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Physics-based near-source ground motion prediction for structural engineering and geotechnical applications

English title Physics-based near-source ground motion prediction for structural engineering and geotechnical applications
Applicant Mai Paul Martin
Number 118019
Funding scheme Project funding
Research institution Institut für Geophysik ETH Zürich
Institution of higher education ETH Zurich - ETHZ
Main discipline Civil Engineering
Start/End 01.10.2007 - 31.05.2010
Approved amount 137'730.00
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Keywords (6)

earthquake source physics; ground-motion simulation; seismic hazard; ground-motion charakterization for; engineering purposes; earthquake engineering

Lay Summary (English)

Lead
Lay summary
Being able to accurately predict the level and variability of near-source ground motions for future earthquakes is a key ingredient to assess the seismic hazard and to mitigate and manage the resulting risks for people, buildings, and infrastructure. A particularly promising avenue for improved ground-shaking estimation comprises ground-motion simulations using physics-based earthquake-rupture modeling. We therefore seek financial support to expand previous work related to the pseudo-dynamic earthquake characterization (Guatteri et al., 2003, 2004) by considering the latest insights from rupture dynamics on the scaling of fracture energy and dynamically consistent slip-velocity functions (Tinti et al., 2005a; Rice et al., 2005; Mai et al., 2006). We will develop, implement and test an improved numerical method for constructing physically self-consistent source-rupture models for ground-motion simulations. This pseudo-dynamic approach poses no restrictions on the frequency range which simulated rupture models may radiate; however, ground-motion calculation techniques (frequency-wavenumber integration; finite-difference or spectral-element methods) have strong limitations when computing seismograms up to frequencies of engineering interests (5 - 20 Hz). Moreover, earth structure remains unknown at these short spatial scales, and hence alternative, stochastic techniques are needed to compute the high-frequency contributions of seismic radiation. Based on work by Zeng et al (1993, 1995), Mai and Olsen (2005) proposed a hybrid technique to calculate broadband near-fault seismograms which includes effects of scattering in inhomogeneous media. We propose to further develop this method by conducting an extensive parameter-space study and by establishing a platform-independent modular implementation. The goal is to provide a well-tested and calibrated toolbox that can be installed in other large-scale ground-motion simulation efforts (e.g. SCEC) in order to adequately represent the high-frequency components of the seismic wave-field. The above approaches require considerable efforts for implementing and testing the numerical methods that capture the rupture physics and near-source scattering; moreover, the new methods need to be validated against well-recorded ground-motions of past earthquakes and the engineering applications. To that end, we have started to develop innovative ground-motion intensity measures for application-specific purposes. We investigate “efficient” and “sufficient” ground-motion intensity measures (IM) for structural engineering, where the demand measure is residual displacement, and for geotechnical work, where the demand measure is related to the liquefaction potential of soils. In this context we are building upon and continuing the work started in the SNF-funded MERCI project (Managing Earthquake Risk using Condition Indicators, in original 200021-104027, renewed for 1 year in 2006 under 200020-112326/1). This proposal seeks funding for one PhD student for a period of three years. The work builds upon (partially) existing numerical codes and ground-motion simulation tools that need to be combined, tested, calibrated and validated, before they can be applied for engineering applications and released to the earthquake-engineering / seismology community. We are in the fortunate position that SNF has already funded the first year of a graduate student, Ms. B. Mena Cabrera-Sanli, who has proven with her initial work to be highly qualified for this project. We thus request financial support for Ms. Cabrera-Sanli to complete the project tasks (detailed below), to work towards her PhD-degree, and to expand her interaction with the earthquake-engineering community. This PhD-project will thus allow her to gain a broad insight into all aspects of earthquake physics, seismology, and the engineering application of advanced numerical simulations.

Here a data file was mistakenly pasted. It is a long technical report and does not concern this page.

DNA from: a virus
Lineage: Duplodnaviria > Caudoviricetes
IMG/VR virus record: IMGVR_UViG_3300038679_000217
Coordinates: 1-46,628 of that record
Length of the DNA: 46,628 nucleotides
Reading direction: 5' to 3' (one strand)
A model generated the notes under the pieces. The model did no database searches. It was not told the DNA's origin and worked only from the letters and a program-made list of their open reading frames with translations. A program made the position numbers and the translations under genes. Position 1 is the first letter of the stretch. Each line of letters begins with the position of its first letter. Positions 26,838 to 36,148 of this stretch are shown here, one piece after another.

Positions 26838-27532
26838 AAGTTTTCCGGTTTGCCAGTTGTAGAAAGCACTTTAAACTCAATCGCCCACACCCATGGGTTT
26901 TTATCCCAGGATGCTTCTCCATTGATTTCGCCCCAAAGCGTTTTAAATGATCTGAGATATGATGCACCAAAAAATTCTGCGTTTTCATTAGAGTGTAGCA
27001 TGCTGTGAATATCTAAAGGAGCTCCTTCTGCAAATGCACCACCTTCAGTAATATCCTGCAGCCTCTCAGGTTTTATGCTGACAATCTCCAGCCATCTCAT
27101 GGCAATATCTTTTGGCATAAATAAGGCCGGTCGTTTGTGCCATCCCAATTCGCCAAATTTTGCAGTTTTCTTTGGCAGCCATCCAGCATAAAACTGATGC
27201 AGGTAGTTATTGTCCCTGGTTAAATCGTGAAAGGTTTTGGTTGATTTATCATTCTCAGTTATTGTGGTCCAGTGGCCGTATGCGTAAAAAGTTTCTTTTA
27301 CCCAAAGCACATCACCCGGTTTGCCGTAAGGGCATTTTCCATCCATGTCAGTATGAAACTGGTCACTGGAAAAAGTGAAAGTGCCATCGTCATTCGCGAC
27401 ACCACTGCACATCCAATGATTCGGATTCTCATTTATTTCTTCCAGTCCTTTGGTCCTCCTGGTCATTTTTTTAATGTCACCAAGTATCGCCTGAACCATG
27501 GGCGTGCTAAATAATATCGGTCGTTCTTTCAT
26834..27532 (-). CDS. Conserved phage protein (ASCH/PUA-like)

Direct link to Lay Summary Last update: 21.02.2013

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Associated projects

Number Title Start Funding scheme
121305 Participation in the Greenland Ice Sheet Monitoring Network (GLISN) 01.11.2008 R'EQUIP
112326 Management of eartquake risks using condition indicators 01.06.2006 Project funding
126690 Source and site-effect studies for probabilistic seismic hazard assessment in Switzerland 01.10.2009 Project funding

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